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The colossal Europa Universalis III is one of those strategy games which certainly does not lend itself easily to expansion, and for the designers at Paradox, coming up with a decent follow up must have been like trying to write the sequel to Stanley Kubrick’s 2001. On the one hand, there was a need for the game’s vast and unwieldy interface to be toned down, while on the other, Paradox needed to add something to the original format which would improve the game play in the right area, without EUIII becoming a complete monstrosity.  The series could ill afford another Napoleons Ambition, where Paradox were unable to offer the player any real changes apart from a slightly expanded timeline, and the opportunity to indulge in some serious war mongering at the head of Napoleonic armies.

 

However, with regard to In Nomine, Paradox have pulled off this delicate balancing act in a sequel which nicely enhances the game play of EUIII by simultaneously  streamlining old features and adding some new ones in as well. For a start, there is no longer the need for the player to get all Adolf Hitler-ish on the empire and continually interfere in affairs at the most minute level. New budgetary slider bars allow the player to allocate a proportion of the budget to the tasks of missionaries and colonists meaning that they do not have to be continually re -sent after failed missions. Religion is also simplified by being split into three groups – meaning religious tolerance no longer has to be constantly tweaked with slider bars – and a prior heads up on the AI reaction to treaties saves time and diplomats.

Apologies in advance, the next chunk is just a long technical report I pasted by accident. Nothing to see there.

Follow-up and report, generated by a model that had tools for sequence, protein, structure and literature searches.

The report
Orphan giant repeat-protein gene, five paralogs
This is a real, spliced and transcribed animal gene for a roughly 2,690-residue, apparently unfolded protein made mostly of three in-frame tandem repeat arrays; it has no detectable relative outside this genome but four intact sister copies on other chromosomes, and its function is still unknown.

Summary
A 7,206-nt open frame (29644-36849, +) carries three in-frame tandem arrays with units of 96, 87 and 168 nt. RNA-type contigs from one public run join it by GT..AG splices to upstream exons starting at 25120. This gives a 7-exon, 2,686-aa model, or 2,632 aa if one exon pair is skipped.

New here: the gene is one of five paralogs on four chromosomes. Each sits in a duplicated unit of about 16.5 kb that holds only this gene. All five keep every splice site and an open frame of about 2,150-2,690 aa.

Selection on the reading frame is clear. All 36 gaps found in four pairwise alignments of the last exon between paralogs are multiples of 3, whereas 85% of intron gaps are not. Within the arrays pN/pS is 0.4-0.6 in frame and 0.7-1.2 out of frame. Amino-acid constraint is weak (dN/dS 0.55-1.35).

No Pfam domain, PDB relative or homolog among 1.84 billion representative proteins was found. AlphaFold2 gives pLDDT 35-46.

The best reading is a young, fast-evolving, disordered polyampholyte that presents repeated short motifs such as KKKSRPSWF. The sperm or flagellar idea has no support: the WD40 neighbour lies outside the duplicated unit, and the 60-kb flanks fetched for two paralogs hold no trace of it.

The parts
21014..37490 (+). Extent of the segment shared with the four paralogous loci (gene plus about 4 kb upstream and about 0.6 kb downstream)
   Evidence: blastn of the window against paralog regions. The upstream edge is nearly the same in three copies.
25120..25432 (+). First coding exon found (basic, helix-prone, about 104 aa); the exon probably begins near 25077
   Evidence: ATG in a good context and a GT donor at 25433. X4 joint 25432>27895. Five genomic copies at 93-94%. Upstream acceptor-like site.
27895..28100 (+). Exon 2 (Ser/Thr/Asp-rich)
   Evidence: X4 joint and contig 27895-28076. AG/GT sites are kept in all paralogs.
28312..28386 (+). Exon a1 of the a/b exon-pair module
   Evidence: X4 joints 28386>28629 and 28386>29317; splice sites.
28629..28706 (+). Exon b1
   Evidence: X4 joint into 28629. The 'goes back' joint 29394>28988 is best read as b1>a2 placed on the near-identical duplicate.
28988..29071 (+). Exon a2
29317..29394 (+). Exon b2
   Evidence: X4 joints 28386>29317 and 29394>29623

However, concerning the long list of new features, the most significant are well equipped and highly motivated rebels who continually pop up on the world map and always have an agenda. Whether this is political, religious, economic or revolutionary, rebels pose a huge threat to the empire’s stability and must be dealt with decisively. Indeed they can be so infuriating that some players have been put off the game entirely saying that the constant rebellions were a joke, and to sympathize with them, the relentless harassment will have even the most patient EUIII player wanting to sink their teeth into the game mouse in frustration.

 

Apart from the increased rebel threat however, EUIII In Nomine has a host of smaller additional features and alterations. Some of these include: a change in prestige so that it now directly affects stability, player objectives via a mission system, more options for the Pope controller including excommunication, more advisor options which allow the nation to be customized in more depth,  53 additional years and 2 extra countries…

 

All in all, no one can accuse Paradox of sitting on the fence. Most of the changes are minor, but that said they are well conceived - reeling in some of the more cumbersome aspects of the game while bringing innovation and greater depth to others – and do not upset the overall balance of game play. Deciding to include such problematic rebels was a bold move and has clearly upset a few fans, but it is nice to see that Paradox are not afraid to keep upping the ante. Although Napoleons Ambition was not a ‘must have’ for fans of EUIII, In Nomine certainly is – just do not let those rebels drive you to smash up your computer.